Monday, December 15, 2008
Several years ago, I was driving home late at night with my daughter in the car. We pulled up to a stop sign, checked for oncoming cars, didn’t see any, so proceeded to make a right hand turn onto the next street. But instead of moving forward, I pulled the car sharply to the right on to the side of the road and stopped. I then looked at my daughter in surprise, wondering why I had done that. It was almost as if the car had a mind of its own and had taken control. Just then a car, with its head lights off, zipped by us on the wrong side of the street in an effort to pass the car next to it. Had I pulled onto the road as intended, I would have hit that car head on.
That was not my first experience where I felt someone was watching over and assisting us, nor has it been my last. I am so grateful for the knowledge that we are not walking this journey alone. But I am so glad that not all angels are on the other side of the veil. Sometimes God sends family members, friends and even strangers to help us.
I had an experience a little over a year ago that I will never forget. I was on day five of recovering from major surgery. Everything hurt, my spirits, which had been high the previous four days, had plummeted, and I felt miserable, body and soul. I also had a doctor’s appointment, and not being allowed to drive, was chauffeured there and back by my husband. While returning to our home he told me he had to return to work, which meant I would be home alone.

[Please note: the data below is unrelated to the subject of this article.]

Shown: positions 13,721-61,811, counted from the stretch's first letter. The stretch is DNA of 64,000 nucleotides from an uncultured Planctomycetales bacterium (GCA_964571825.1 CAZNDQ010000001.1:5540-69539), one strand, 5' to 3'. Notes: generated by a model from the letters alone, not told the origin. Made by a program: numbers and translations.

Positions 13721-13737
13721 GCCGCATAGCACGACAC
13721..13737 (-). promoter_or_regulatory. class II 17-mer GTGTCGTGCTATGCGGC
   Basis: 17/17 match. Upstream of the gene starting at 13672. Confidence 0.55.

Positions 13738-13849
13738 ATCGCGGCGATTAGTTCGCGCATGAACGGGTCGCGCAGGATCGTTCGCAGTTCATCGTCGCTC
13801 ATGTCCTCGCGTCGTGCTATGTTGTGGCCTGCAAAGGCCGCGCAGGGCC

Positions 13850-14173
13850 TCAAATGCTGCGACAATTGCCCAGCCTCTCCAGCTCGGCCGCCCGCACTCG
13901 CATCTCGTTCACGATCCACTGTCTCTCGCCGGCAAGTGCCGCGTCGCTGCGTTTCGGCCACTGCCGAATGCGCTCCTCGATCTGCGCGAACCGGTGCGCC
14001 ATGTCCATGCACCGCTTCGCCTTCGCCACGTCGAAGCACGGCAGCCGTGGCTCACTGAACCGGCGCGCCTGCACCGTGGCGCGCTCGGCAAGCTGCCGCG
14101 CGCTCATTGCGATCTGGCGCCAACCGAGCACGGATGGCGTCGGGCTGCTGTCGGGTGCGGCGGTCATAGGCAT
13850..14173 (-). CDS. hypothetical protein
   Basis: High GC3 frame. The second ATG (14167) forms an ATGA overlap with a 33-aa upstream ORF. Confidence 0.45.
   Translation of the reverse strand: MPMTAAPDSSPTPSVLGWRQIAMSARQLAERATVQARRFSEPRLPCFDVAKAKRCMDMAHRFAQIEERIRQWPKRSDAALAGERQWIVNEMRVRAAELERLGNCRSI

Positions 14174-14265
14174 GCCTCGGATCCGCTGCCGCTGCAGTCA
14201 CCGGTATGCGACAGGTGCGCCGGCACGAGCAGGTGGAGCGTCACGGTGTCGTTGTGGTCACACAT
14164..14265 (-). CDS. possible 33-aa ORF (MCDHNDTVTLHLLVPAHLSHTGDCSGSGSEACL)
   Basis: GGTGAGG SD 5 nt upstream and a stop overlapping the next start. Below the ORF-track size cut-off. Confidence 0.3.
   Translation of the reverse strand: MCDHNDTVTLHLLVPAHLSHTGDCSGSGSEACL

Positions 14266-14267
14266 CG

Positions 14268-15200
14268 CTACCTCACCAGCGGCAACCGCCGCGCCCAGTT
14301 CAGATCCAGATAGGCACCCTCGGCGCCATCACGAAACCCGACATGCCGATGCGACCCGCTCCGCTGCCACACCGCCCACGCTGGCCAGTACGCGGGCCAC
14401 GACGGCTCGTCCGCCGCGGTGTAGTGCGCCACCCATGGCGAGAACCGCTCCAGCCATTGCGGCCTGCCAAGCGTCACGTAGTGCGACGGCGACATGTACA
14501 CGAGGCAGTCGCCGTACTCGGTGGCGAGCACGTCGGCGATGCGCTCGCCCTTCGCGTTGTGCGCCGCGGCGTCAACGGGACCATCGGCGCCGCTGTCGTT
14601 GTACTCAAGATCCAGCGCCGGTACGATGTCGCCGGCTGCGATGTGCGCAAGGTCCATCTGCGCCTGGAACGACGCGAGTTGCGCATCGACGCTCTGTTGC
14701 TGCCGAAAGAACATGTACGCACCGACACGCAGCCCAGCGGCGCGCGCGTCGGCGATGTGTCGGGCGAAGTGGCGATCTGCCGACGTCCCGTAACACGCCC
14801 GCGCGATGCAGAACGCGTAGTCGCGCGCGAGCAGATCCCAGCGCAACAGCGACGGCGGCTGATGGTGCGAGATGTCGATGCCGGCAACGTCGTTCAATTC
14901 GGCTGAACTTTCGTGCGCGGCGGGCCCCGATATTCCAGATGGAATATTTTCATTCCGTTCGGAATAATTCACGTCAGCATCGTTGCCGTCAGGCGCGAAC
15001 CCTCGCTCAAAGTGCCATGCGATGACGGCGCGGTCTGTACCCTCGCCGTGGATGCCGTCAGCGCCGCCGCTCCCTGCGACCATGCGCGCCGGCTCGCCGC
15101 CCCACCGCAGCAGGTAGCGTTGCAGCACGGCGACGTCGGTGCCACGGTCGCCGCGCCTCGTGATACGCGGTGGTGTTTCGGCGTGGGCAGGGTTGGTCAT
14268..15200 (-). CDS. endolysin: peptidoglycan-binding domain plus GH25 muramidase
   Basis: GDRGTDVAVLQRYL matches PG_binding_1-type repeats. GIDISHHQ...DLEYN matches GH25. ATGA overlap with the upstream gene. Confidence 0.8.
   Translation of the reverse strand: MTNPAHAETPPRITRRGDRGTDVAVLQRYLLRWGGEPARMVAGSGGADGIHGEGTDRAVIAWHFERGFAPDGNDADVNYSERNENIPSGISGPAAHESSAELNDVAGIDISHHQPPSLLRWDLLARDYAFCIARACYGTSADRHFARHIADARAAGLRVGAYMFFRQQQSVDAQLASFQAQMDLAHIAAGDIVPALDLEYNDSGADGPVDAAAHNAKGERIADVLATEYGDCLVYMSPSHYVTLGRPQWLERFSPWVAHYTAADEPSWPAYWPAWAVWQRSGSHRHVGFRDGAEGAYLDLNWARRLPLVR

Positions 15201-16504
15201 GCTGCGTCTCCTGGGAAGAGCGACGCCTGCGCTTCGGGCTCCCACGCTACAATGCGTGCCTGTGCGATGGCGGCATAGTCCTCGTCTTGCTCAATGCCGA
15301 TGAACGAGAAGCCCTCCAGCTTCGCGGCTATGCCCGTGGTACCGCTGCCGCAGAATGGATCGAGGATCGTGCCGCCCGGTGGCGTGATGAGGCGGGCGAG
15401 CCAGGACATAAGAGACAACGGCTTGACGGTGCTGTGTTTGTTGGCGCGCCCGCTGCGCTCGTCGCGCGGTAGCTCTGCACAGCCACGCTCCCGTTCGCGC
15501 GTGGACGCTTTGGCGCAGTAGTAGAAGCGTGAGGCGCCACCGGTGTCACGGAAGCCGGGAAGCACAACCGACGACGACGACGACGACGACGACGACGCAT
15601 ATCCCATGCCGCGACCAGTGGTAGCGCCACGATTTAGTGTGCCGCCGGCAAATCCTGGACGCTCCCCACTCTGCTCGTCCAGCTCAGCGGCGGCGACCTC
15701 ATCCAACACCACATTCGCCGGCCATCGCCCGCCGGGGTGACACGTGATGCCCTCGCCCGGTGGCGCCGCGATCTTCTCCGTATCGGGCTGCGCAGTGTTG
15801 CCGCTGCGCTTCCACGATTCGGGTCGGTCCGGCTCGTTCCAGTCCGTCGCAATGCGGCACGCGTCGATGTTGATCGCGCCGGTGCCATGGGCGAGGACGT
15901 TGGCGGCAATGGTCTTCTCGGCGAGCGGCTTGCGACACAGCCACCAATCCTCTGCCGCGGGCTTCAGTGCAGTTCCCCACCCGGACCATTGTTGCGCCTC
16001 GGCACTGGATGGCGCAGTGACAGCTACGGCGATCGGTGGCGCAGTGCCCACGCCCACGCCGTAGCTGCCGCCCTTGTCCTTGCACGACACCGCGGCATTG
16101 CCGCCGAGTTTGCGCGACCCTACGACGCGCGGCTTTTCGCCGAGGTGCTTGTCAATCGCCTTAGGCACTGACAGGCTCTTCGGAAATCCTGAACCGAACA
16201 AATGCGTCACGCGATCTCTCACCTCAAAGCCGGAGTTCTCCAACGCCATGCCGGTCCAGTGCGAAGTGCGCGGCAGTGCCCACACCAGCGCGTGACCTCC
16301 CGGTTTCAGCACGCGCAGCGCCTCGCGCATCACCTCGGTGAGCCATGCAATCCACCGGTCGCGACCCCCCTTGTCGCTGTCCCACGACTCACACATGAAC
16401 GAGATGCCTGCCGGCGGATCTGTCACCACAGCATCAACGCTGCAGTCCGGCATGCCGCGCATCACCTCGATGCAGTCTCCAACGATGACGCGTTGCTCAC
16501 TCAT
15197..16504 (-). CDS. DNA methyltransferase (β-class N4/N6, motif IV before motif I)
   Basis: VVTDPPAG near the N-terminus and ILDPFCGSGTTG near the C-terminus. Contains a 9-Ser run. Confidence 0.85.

Normally I would have been okay with that, but at that very low moment the thought of being alone was overwhelming and I began to cry. I also began to pray that Heavenly Father would send someone to my home to keep me company.
Over several weeks of my recovery, many friends and neighbors came by to watch movies with me, bring dinner, wash my dishes, and just visit. I am thankful for all of them—all angels who came and brought such great . . . joy to my journey.
Sunday, December 14, 2008
Your Snow Test Says You're Independent
You feel like something good will happen to you in the next few days.You love to work, especially when work is creative. You have the makings of a successful artist.You are an independent, individualistic person. You thrive when you're doing your own thing.Your biggest worry in life is your family. You stay up at night thinking about them.When it comes time to relax, you have difficulty relaxing. You are a bit high strung.
Saturday, December 13, 2008
She wanted to take me to a cute little cafe called "Sweet Tarts". The menu was filled with tempting salads and sandwiches but what was the most tempting of all was the desserts. European pastries in all their color, texture and tastes lined the display case before us.
Wednesday, December 10, 2008
I have been thinking about that story and how it might relate to life in general and in particular to the Christmas season. It seems there is so much to do to get ready for Christmas day and especially this year, so many people in need. I feel pulled in many different directions, and so lacking in my abilities to do everything that needs to be done and to assist all those who need assistance. But perhaps the lesson for me in this story is this . . . you give what you can, and somehow the Lord makes it be not only enough, but more joy comes back into your life than you yourself give to others. Just a thought . . . for our journeys.